W. Brian Lane is a physics professor who also wrote the very first post for Scholar’s Compass, our ongoing online devotional for academics. This fall, he’s writing a series on engaged learning and how it can help Christian academics teach well in the university and the church. In our mission to support emerging Christian scholars, we’ve found that one key question most grad students and early career profs are asking is how they can serve their students by teaching well. We’re delighted to publish Brian’s reflections on engaged learning this fall, and we hope they help you as you hone the craft of teaching.
Why Engaged Learning Is Relevant to Christian Educators
A brief introduction to engaged learning
Engaged learning can be summarized in one pithy observation: “The one who does the work is the one who gets the learning.” For example, in the physics classes I teach, this means that if I go up to the board and solve a problem, I have learned something about doing physics, while my students have learned something about watching someone else do physics (which won’t carry them very far). On the other hand, if my students solve a problem, they have learned something about doing physics, and I have learned something about how they learn.
Time and again, educational research has shown that activities designed to actively engage students in applying concepts and forming connections between those concepts produce better learning gains than the traditional lecture. For example, when students actively diagnose their mistakes on an assignment, they perform better on subsequent assignments (Mason et al, 2016). Instructors see higher pre-to-post-instruction scores when their students interact with each other over simple predictive questions (Fagen et al, 2002). In fact, the worst engaged-learning courses produce better outcomes than the best lecture-based courses (Hake, 98). These trends seem based on the very wiring of the human brain itself (Cozolino, 2013). It seems, then, that engaged learning is quite relevant to us as Christian educators who want to take our calling seriously and want to base our practices on how God created our students.
Engaged learning in the Bible
Engaged learning is also relevant to us because, in the Bible, learning is serious business. The options presented to us are to learn Christ (Ephesians 4:20), learn nothing (2 Timothy 3:6-7), or learn (more) sin (1 Timothy 5:13). Jesus commanded his hearers to both learn from him (Matthew 11:29) and learn from their own study and reflection (Matthew 9:13). Jesus took learning seriously, holding classes and office hours right until his crucifixion, then picking up with a survey of the Old Testament just hours after his resurrection (Luke 24)!
We can also find Jesus and Paul (among others) employing what we today call engaged learning. Jesus infamously employed the rabbinical method of teaching via questions, prompting his listeners to wrestle over both their understanding and acceptance of the truth. The Gospel authors, picking up on this practice, allow many of these questions to hang unanswered in the texts. Jesus’ parables, likewise, were designed to leave one engaged and working hard to learn; paralleling today’s ARCS (attention, relevance, confidence, satisfaction) model of learning motivation (Keller, 1987), the parables grabbed the attention of their hearers, were situated in relevant contexts, appeared accessible, and left their hearers wanting to learn more. And perhaps most importantly, Jesus and Paul followed a mentorship model in their teaching that educators are only recently applying in the classroom.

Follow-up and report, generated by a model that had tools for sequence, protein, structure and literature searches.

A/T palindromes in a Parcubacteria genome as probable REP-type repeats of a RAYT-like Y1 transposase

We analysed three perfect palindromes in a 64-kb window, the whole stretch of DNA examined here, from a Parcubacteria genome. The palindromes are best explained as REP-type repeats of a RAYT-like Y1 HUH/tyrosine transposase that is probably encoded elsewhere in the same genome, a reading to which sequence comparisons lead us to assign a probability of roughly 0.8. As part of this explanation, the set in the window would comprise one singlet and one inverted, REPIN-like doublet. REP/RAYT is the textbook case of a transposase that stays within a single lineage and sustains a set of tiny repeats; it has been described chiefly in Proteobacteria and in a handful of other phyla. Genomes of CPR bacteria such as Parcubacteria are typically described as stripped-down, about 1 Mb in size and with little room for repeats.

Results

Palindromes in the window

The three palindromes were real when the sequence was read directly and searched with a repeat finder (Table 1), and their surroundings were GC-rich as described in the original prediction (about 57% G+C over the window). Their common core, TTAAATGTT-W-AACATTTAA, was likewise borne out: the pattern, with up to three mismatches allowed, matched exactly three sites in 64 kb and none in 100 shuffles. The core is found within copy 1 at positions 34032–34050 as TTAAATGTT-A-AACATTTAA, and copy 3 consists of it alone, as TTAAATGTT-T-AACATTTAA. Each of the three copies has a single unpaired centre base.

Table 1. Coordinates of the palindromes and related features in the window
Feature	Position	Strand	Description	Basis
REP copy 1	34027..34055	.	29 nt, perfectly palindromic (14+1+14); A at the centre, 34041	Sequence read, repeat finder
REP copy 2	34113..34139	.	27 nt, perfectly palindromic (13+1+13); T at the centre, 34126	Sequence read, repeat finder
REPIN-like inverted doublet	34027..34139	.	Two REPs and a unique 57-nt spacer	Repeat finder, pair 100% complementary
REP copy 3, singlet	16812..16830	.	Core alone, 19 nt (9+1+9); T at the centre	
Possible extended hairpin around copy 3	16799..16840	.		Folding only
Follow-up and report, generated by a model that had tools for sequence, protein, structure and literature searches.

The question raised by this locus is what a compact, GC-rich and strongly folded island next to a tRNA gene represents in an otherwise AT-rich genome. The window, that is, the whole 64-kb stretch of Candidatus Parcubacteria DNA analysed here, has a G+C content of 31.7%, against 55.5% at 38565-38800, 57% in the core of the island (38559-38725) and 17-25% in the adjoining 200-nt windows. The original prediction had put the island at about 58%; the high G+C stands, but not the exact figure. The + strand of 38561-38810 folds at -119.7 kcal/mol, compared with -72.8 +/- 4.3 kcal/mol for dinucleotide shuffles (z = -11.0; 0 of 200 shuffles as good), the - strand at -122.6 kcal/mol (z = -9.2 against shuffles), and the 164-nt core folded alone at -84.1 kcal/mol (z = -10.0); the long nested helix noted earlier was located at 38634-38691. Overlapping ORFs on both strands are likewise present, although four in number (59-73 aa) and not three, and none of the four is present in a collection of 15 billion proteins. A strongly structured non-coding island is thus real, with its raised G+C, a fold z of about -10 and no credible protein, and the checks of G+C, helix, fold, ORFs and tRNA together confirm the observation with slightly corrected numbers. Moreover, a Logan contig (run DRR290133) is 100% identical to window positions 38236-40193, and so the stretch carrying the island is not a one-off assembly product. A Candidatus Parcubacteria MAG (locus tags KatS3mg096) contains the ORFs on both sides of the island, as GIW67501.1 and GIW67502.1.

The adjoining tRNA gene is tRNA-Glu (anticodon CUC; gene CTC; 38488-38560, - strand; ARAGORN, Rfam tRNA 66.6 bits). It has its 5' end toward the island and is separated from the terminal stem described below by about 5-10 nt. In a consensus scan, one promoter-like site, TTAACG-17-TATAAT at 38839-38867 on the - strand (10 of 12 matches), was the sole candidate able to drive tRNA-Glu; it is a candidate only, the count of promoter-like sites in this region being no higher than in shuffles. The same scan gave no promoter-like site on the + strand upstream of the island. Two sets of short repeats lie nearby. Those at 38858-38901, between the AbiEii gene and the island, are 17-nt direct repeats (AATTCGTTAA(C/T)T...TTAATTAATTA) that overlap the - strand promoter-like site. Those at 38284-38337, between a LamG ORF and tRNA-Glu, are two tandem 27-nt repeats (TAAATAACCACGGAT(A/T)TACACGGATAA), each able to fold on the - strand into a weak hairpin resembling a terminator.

Just-in-Time Teaching: An example of engaged learning
We should also note that most of Jesus’ hearers came to him already wrestling the truth, and, if not, Jesus would give them wrestling assignments (Matthew 19:16-22). This practice is similar to Just-in-Time Teaching (JiTT), the most impactful engaged learning strategy in my courses. JiTT has a few key components that make it effective:
- Prior to class, students read an assigned text in search of answers to specific questions. One can vary these warm-up questions from week to week, but I simply ask the same three warm-up questions for each reading: What is one thing in this chapter that stood out to you? What is one question you have after reading this chapter? What is one thing in this chapter good for, in “real life?”
- The instructor reviews the students’ warm-up responses shortly before class, identifying shortcomings in students’ understandings and frequent items of interest.
- The instructor incorporates the students’ warm-up responses into the notes for the class session. In my classes, I paste quotes of students’ responses into the notes, then engage their comments and questions directly. If there’s a concept that all the students understood well, then we don’t spend more than a few minutes reviewing it. When there is a question that all the students ask, we spend the bulk of class time investigating it.
JiTT is a nice first step away from lecture and into engaged learning since one can base class activities directly on the students’ needs.
Next time, we’ll take a look at some of the opportunities and pitfalls of employing engaged learning in a church environment.